Sunday, February 13, 2005

Pro-Responsibility: Responsible People Making Responsible Decisions

Reproductive rights guarantee us the freedom to become a parent, or not; to use contraception to prevent pregnancy & take prophylactic measures to prevent spread of communicable disease should we chose to engage in sexual activity; to make informed and thoughtful decisions about our lives; and to consent, or not, in private, in accordance with our personal beliefs without government intervention. These aren't just rights, they're responsibilities as well: the responsibility to educate yourself about how your body works, how to prevent disease and avoid unintended pregnancy; the responsibility to learn about all your options should you face the one of the consequences of sexual activity; and the potential long-term ramifications of any decision you make.

Sexual intimacy is the domain of those mature enough to be responsible and held accountable for things that may occur after the moment has passed. Learn, think & act accordingly.

Responsibility. I'm all for it.
(Pro-Responsibility, the unofficial position of CGCS)

NARAL/Pro-Choice America has pledged to support the Putting Prevention First Bill sponsored by House Minority Leader, Harry Reid. Despite the differences between those who want to outlaw abortion and those who support leaving decisions about continuing or terminating pregnancies up to a woman, there is one thing we all have in common and that's the desire to drastically reduce the number of, if not eradicate, unintended pregnancies. I've already documented my suggestions as to how this can be acheived, but I'm glad to see that Pro-Choice groups like NARAL and Planned Parenthood are actively supporting the bill and are trying to find common ground with those adamantly opposed to abortion. While my hopes aren't high that the more extreme in the "Pro-Life" Movement will work together with "Pro-Choice" people as, in general, my experiences with most are that any action other than condemnation and outlawing abortion is considered as disengenous and "not enough" compromise from the left, it's certainly something we need to do with or without their assistance.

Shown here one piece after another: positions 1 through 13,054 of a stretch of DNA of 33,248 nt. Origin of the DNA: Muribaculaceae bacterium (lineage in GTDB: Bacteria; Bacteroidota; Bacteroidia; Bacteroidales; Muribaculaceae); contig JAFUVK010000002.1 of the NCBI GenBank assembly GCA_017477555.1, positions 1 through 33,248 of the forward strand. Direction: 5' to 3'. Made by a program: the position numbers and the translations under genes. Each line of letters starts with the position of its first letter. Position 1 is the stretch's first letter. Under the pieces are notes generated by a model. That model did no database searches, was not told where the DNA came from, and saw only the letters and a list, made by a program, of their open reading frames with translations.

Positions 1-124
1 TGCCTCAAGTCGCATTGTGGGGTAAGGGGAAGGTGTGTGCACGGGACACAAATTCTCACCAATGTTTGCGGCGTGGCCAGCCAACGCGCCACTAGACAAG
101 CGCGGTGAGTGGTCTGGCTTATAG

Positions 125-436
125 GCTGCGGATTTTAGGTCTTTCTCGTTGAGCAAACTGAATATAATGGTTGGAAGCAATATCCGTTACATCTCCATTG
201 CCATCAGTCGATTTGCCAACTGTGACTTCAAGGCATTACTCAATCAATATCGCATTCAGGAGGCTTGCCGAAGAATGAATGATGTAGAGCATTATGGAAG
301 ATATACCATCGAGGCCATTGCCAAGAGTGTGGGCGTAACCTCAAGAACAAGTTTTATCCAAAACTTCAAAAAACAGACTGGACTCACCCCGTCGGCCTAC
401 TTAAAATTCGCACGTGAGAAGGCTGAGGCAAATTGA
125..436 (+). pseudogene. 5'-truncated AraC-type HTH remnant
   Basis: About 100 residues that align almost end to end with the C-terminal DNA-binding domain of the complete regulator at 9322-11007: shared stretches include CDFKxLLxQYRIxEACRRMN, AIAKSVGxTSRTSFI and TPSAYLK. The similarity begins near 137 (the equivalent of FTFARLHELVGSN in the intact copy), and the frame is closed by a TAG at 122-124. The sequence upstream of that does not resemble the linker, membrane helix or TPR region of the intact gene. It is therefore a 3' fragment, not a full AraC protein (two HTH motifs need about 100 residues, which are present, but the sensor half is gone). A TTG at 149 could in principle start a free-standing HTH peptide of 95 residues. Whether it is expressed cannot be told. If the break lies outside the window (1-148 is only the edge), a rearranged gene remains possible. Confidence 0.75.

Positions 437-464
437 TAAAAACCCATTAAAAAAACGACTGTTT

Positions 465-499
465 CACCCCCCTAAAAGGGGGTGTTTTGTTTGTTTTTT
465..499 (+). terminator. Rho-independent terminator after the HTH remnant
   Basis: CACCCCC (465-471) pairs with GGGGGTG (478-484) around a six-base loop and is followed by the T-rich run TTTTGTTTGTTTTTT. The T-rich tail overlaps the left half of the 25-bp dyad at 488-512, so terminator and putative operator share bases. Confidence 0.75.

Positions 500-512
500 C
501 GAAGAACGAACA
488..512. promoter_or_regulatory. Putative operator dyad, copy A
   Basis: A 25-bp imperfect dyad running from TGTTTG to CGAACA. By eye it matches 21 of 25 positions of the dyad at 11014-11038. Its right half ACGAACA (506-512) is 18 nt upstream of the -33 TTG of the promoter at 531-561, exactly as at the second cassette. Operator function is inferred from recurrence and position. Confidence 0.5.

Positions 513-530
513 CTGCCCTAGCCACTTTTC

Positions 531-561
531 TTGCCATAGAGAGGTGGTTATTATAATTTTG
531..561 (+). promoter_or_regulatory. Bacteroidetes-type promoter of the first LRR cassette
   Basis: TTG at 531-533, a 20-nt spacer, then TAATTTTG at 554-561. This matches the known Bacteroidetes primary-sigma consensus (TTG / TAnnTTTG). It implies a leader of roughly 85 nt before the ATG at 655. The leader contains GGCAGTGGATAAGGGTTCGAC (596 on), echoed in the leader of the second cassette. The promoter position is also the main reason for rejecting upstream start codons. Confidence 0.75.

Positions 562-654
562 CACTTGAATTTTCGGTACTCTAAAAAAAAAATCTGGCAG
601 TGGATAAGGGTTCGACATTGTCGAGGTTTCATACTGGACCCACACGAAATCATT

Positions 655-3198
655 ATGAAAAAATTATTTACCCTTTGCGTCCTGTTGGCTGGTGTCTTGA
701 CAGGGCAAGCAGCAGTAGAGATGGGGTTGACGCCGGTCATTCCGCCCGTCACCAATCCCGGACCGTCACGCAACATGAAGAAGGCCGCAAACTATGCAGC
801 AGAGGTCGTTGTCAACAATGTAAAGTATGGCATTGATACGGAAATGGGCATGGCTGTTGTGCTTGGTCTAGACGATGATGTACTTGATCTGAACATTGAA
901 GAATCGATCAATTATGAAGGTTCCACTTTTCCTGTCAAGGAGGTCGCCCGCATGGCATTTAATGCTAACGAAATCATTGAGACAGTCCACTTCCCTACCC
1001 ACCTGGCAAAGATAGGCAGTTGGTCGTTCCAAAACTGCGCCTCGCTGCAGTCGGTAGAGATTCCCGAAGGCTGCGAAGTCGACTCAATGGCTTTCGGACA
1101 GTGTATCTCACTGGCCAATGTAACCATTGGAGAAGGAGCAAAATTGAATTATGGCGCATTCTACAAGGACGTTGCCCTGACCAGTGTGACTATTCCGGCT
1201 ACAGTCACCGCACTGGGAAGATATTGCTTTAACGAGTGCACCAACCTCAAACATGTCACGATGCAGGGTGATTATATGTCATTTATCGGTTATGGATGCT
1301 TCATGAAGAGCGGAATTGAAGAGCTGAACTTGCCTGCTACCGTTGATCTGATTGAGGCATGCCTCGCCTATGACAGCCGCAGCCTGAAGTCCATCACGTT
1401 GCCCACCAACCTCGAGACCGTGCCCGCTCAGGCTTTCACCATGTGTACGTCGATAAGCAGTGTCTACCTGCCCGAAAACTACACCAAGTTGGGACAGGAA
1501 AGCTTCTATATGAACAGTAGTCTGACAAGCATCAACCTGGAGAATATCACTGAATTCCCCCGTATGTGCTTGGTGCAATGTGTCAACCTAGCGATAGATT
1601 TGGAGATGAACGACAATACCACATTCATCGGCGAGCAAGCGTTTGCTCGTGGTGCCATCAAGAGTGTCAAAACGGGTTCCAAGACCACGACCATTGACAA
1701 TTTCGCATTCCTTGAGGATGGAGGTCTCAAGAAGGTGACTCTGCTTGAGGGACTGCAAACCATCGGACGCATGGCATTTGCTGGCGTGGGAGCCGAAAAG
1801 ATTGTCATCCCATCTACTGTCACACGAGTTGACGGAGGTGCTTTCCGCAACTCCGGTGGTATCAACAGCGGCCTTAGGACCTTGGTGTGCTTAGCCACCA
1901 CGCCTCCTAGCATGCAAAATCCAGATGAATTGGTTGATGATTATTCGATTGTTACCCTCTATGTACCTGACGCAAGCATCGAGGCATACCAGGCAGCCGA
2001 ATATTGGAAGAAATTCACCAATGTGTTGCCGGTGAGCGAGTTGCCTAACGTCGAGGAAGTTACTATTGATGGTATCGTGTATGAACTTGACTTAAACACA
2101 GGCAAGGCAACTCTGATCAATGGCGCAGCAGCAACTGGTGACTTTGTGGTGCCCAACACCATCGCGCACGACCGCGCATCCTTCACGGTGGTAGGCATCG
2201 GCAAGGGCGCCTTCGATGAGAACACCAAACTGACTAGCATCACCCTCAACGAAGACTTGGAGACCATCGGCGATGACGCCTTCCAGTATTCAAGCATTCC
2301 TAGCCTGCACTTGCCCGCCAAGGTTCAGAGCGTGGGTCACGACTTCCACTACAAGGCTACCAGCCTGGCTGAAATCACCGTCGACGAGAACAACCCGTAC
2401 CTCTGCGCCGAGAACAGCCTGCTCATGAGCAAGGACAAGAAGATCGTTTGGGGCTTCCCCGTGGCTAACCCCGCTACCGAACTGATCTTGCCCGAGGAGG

One of the most critical objectives is to reduce the number of sexually active teenagers and resultant pregnancies/STDs. A 2004 study conducted by Jacqueline E. Darroch and Susheela Singh for the Guttmacher Institute indicates that the teen pregnancy rate in the US, while among the highest in the developed world, decreased in the 90s. According to the report, more than 75% of teen pregnancies were unintended with approximately 35-38% ending in abortion. Increased abstinence may account for a reduction in the teen pregnancy rate of approximately 25% between 1988 and 1995; use of long-acting hormonal contraceptives seems to account for the reduction in pregnancy rates of sexually active teenagers. As such, it makes sense to do everything possible to provide sex education that encourages teenagers to abstain from sexual activity until adulthood in a way that won't make them just tune the message out.

I know teens don't want to hear they're not mature enough to have sex because they all think they're very mature (we did, didn't we?). We need to get the message across that there's something to be said for life experiences (outside of sex) that will enhance their understanding of the world as this will greatly affect their decisions. We need to affirm that while sex can be great, it's in their best interests to wait until they have more life experience and are able to take care of themselves before facing the potential consequences of sexual intimacy. I think a lot of the kids who are sexually active ignore the "wait" message in conjunction with abstinence only education as there's a very judgmental message that "sex outside of marriage (fornication) is immoral" and they must wait until they are married. While it is preferable that they defer sexual intimacy until they are adults in a mutually exclusive relationship; abstinence only education with concentration on marriage ignores that fact that many Americans are deferring marriage to later in life and a message with a focus on marriage is not perceived as realistic to those who are not particularly religious. It is for this reason, and the fact you don't usually limit information taught in school to that used in the near-term future, that information on use of prophylactic measures to prevent communicable diseases and unintended pregnancy. This information can be used by those who, despite encouragement otherwise, insist on engaging in sexual activity. The information can also be utilized by those who do wait until marriage to have sex that want to defer starting a family until a later date.

It's all about being responsible and making thoughtful, informed decisions.

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